The worst part about death isn't the actual passing into oblivion, but the endless waiting for it to happen. Here I was, an overweight but highly paid software engineer, on the cool linoleum watching his lifeblood quickly draining out of his body like a water-balloon with a pinhole. I had gone to pickup milk and eggs at the store, and walked into what I guess was a robbery. It was not even really that late at night, but late enough that I didn't want to take the extra ten minutes to shop at the megamart down the road. I had entered the store and with an, "Oh shit!" heard the deafening POP and found myself falling. Hell it happened so fast I never even saw who it was who shot me.
I knew I was dead. It was really just a matter of time, the feeling of doom and dread was there as I thought to my wife and son at home. I flickered a smile, or tried to anyway. Between my life insurance from work and the personal plan, they would at least be ok. Not well off by any means, but enough to pay for college and make ends meet. My wife was good at stretching a dollar, and they both were strong. But the pain of what they would have to go though, especially my 8 year old son, hit like a hammer and the darkness that I had originally been fighting with every ragged breath, forced it's way a bit closer to my brain.
The waiting was almost as bad as waking up at 3 on Christmas morning, and knowing your parents will skin you alive if you wake them before 7am. There really wasn't any pain; my brain had already released massive amounts of adrenalin and endorphins but the side effect of that was seeing the blood pool get larger hour by hour. In reality of course, it must have only been a few moments, but dying does have a strange effect on someone. Go figure.
The rest was really a blur. I had a brief, very brief, image of the cart that the paramedics rolled my body out on; then looking up at the very bright lights of what I assumed was a hospital emergency room ... Men and women rushing around in that sickening white and green that humanity associates now with sickness and death ... I heard fragments of words, but really couldn't make anything out before slipping into unconsciousness again.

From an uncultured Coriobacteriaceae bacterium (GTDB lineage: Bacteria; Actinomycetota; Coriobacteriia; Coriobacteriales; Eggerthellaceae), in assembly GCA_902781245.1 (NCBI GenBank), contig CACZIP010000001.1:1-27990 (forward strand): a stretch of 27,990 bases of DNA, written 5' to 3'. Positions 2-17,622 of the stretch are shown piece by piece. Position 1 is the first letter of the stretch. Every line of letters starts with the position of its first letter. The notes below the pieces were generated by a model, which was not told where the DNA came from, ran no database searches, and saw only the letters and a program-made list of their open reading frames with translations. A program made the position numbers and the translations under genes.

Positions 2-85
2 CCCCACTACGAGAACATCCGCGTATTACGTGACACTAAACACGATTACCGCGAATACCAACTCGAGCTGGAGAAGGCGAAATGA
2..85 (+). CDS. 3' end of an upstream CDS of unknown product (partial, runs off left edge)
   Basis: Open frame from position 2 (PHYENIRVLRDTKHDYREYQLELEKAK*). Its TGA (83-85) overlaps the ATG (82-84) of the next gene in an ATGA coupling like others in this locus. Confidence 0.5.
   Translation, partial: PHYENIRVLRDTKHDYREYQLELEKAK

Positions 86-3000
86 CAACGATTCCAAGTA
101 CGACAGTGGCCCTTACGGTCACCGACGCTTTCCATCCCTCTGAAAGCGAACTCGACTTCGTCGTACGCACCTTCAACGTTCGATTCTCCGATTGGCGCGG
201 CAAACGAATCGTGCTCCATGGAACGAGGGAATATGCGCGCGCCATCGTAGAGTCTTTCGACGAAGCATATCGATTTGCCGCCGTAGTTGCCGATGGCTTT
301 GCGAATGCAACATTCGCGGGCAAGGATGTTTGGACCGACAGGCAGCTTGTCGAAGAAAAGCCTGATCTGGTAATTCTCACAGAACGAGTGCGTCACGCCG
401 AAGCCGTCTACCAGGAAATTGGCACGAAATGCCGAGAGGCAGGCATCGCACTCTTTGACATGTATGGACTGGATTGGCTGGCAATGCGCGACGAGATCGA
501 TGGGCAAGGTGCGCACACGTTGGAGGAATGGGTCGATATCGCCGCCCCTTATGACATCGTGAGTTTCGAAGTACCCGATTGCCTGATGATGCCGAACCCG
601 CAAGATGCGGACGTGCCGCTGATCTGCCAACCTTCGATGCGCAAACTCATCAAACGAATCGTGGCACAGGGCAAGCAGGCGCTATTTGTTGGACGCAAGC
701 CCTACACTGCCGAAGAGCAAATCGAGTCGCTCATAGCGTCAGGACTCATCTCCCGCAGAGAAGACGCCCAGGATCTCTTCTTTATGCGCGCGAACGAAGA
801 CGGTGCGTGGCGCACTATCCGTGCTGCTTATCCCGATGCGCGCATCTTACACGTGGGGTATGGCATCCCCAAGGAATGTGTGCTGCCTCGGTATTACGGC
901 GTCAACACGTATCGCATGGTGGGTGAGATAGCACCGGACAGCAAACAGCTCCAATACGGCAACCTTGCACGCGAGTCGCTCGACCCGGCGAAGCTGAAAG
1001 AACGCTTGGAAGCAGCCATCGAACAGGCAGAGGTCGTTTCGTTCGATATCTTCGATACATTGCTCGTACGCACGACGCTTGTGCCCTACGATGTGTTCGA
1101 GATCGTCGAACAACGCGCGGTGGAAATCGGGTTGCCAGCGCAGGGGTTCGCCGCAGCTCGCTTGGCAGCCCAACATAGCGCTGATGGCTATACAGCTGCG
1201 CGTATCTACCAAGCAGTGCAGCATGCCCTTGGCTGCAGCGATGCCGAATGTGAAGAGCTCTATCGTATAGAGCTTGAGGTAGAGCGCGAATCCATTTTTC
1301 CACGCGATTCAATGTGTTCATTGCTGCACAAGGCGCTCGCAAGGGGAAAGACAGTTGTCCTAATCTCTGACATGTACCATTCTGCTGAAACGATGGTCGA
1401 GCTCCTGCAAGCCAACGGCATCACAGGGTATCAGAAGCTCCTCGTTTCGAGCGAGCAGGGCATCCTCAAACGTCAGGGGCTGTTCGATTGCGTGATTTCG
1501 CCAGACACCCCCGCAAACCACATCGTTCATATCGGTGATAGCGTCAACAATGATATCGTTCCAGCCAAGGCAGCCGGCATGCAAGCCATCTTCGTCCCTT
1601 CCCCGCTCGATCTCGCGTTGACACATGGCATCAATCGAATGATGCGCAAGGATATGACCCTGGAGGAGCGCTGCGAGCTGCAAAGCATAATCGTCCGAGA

This time however, when I awoke, I was expecting to see my wife and son, and maybe in some alternate dream, I did. Standing over my bed with the lights of the monitors flashing my death, my wife sobbed and my son stood in confusion. He didn't understand that his father was indeed dying or maybe dead. Then finally, without warning the machines screamed on last time and death came for me, dragging that vision way from me, it becoming smaller and smaller as I thought I was sucked down a dark tunnel ... backwards and mentally screaming the entire way.
After a while, the sense of dragging stopped and I was left floating in that sickly, inky darkness. For a long time I floated, bodiless, with my grief; although how can you tell time without a point of reference much less a body to have a watch?
Eventually, my grief subsided, and I began to realize the predicament that I was in. I was floating in this void, without light or sound. Although I guessed it would be hard to see or hear anything without a body. The only thing I could think of was that my consciousness had been moved to this other place of existence; this limbo. And it really sucked. It was no heaven by any means, and although I hadn't lead a perfect life, I really didn't think I deserved hell. Limbo was the only thing that seemed to fit. I was raised Roman Catholic, my parents still thought it was a sin to miss church unless you where on your death bed. My wife and I took a more modern approach to religion, we went when we could, tried to lead good lives for us and our son, and let it end there. We had seen too many of the ultra religious types, with their crazed look in their eyes to take it any farther from there. Maybe the Catholics got it right, and I was stuck in limbo till the second coming or whatever got me out.
So I waited. And Waited. Then waited some more. And I got bored.
I guess that's what started it, the boredom. I remember now thinking that I needed some light, and had laughed to myself and said or thought, "At least God said, 'Let there be Light'."
And there was Light.